Posted by: calloftheandes | December 11, 2009

Waorani Tribe Members Gather in Ecuador’s Jungle to Study Small Engines

story by: Nate Dell
photos by: Chet Williams

After working on his canoe motor, a Waorani man named Oma said, “In the past people have sold or given us motors but never showed us how to fix them when they were broken. Now we understand how to repair them.”

Many similar comments flowed during a late November small engine mechanics course on the banks of the Curaray River in Nemompade, a Waorani community in eastern Ecuador.

Missionaries Jim Yost, an anthropologist formerly with Wycliffe Translators, and Nate Dell, of HCJB Global, travelled from the U.S. along with friends and family to help with the course. Dell formerly served as missionary to the tribe along with his wife, Rachelle. Youth World missionary, Chet Williams, also helped organize and run the workshop. They were also joined by Menewa Nenquimo, a young Waorani man now attending the School of Missionary Aviation Technology in Michigan. His skilled translation and mother-tongue instruction proved invaluable for the group.

Travelling from 11 different villages, Waorani tribe members hiked jungle trails or travelled by canoe to attend the course in a central location .

They brought chainsaws, generators, Weed Eaters and outboard motors for hands-on instruction and assistance. Twenty-seven men received certificates for completing the course, the majority of them receiving toolsets subsidized by the team’s churches and friends.

Lead mechanics Gary Yost and Greg Lynch teamed up with Nenquimo to explain the details of both two-cycle and four-cycle internal combustion engines, assisted by photo and video as well as a small cutaway-view motor.

Gary also assembled a clear plastic cylinder to demonstrate combustion that allowed the group to launch a ping pong ball with a controlled explosion sparked by an actual spark plug and fueled by hair spray. “The video and motor cut-away showed us how the inside of a motor works,” commented a student named Quipa. “That will help us repair it.”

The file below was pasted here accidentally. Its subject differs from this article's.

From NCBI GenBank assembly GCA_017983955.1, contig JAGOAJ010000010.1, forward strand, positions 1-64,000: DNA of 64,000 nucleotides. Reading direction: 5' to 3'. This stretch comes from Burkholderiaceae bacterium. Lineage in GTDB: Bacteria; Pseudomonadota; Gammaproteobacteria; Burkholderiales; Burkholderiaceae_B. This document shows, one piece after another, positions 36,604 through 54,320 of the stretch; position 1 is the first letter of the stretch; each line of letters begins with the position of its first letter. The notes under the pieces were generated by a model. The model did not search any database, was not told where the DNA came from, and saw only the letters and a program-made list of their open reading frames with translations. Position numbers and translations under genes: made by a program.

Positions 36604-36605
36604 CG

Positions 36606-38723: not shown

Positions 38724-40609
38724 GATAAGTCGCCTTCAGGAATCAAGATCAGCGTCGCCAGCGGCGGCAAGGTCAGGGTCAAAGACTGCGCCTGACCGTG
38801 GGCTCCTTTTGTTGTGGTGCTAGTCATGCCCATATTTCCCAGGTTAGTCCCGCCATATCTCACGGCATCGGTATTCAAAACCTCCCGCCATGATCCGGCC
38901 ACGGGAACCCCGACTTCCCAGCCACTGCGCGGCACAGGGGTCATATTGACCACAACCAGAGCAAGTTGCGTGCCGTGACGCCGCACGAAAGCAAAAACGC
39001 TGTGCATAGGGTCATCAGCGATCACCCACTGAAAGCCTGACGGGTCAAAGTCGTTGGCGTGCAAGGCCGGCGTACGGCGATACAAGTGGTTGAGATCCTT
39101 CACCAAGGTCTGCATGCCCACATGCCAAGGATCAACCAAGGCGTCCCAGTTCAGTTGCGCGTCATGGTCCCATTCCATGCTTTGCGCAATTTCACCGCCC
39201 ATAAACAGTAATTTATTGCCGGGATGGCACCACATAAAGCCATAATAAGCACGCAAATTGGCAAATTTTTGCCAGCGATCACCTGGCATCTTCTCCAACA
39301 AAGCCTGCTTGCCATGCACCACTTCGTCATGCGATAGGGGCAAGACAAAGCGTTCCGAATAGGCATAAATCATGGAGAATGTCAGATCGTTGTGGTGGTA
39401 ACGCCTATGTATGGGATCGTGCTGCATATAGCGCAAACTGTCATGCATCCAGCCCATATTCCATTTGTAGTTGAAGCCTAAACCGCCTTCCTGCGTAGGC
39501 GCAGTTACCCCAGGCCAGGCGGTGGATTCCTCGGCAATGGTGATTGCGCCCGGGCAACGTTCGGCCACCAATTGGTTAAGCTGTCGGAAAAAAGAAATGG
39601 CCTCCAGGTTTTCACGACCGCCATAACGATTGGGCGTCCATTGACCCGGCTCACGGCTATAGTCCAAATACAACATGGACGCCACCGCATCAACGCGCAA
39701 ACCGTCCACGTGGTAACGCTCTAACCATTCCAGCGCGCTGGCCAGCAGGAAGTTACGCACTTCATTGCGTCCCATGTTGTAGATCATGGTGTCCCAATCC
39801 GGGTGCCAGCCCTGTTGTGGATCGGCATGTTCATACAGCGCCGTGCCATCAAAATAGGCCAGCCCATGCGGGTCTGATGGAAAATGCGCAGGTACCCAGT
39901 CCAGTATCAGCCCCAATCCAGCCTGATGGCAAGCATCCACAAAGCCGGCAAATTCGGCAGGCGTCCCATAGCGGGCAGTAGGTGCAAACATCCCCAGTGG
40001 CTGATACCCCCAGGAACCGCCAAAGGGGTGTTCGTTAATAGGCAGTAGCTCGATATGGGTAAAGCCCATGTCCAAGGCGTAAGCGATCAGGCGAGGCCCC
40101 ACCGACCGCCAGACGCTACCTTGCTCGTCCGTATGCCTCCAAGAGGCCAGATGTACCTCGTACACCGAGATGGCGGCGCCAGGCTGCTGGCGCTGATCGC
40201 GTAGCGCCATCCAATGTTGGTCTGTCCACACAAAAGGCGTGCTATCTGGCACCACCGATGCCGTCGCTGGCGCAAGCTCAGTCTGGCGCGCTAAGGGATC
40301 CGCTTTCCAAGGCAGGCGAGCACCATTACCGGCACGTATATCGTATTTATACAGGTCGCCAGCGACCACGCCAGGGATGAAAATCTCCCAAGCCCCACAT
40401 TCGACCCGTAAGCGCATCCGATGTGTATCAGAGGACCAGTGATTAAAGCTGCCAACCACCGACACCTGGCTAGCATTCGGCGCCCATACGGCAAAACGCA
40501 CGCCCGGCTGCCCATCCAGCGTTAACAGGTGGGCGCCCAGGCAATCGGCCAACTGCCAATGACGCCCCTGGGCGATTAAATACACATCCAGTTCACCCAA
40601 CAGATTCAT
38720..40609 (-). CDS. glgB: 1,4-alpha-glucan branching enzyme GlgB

Later the course switched to troubleshooting and repairing engines that the Waorani brought with them. Each new engine revealed its own set of problems, allowing the students to gather experience with multiple types of repairs.

One nearly new generator was deemed irreparable because of a broken rod. Nevertheless, it became a tangible teaching aid as students and teachers disassembled everything, analyzing how each part worked and discussing why it had failed.

Devotions were held each day before the instruction started, allowing Waorani Christians to share biblical truths with believers and non-believers alike.

One day Pegonka, who suffers from an autoimmune disease, shared that “some motors are bad so we give up on them and throw them out. God doesn’t do that. He wants to heal, to keep us, to save us. I almost died. If I had, God wouldn’t have discarded me. He would have taken me with Him.” Another Waorani man shared that man can fix a motor, but only God can fix a man.

In the end, Tementa concluded, “Just as the team came to teach because they love God, so we need to teach others both what we have learned and the good news of Christ.”

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Responses

  1. […] from school, I’d pass the long wooden house of the Brethren church planters who were working with the indigenous people, including many of the Waodani (the tribe responsible for killing Jim Elliot, Nate Saint, Ed […]

  2. […] an Ecuadorian foundation formed by missionaries Chet and Katie Williams. CENTA will serve as a training and empowerment center for the tribal groups of Ecuador, including the Waorani. The school’s continuance was not contingent upon new property ownership, Shedd […]

  3. […] gruesome details often too explicit and vivid for the cushioned Western mind,” wrote Jim Yost and Chet Williams in the foreword of a book in which three Waorani tell of life before and after encountering Jesus […]

  4. […] Waorani Tribe Members Gather in Ecuador’s Jungle to Study Small Engines December 2009 4 […]


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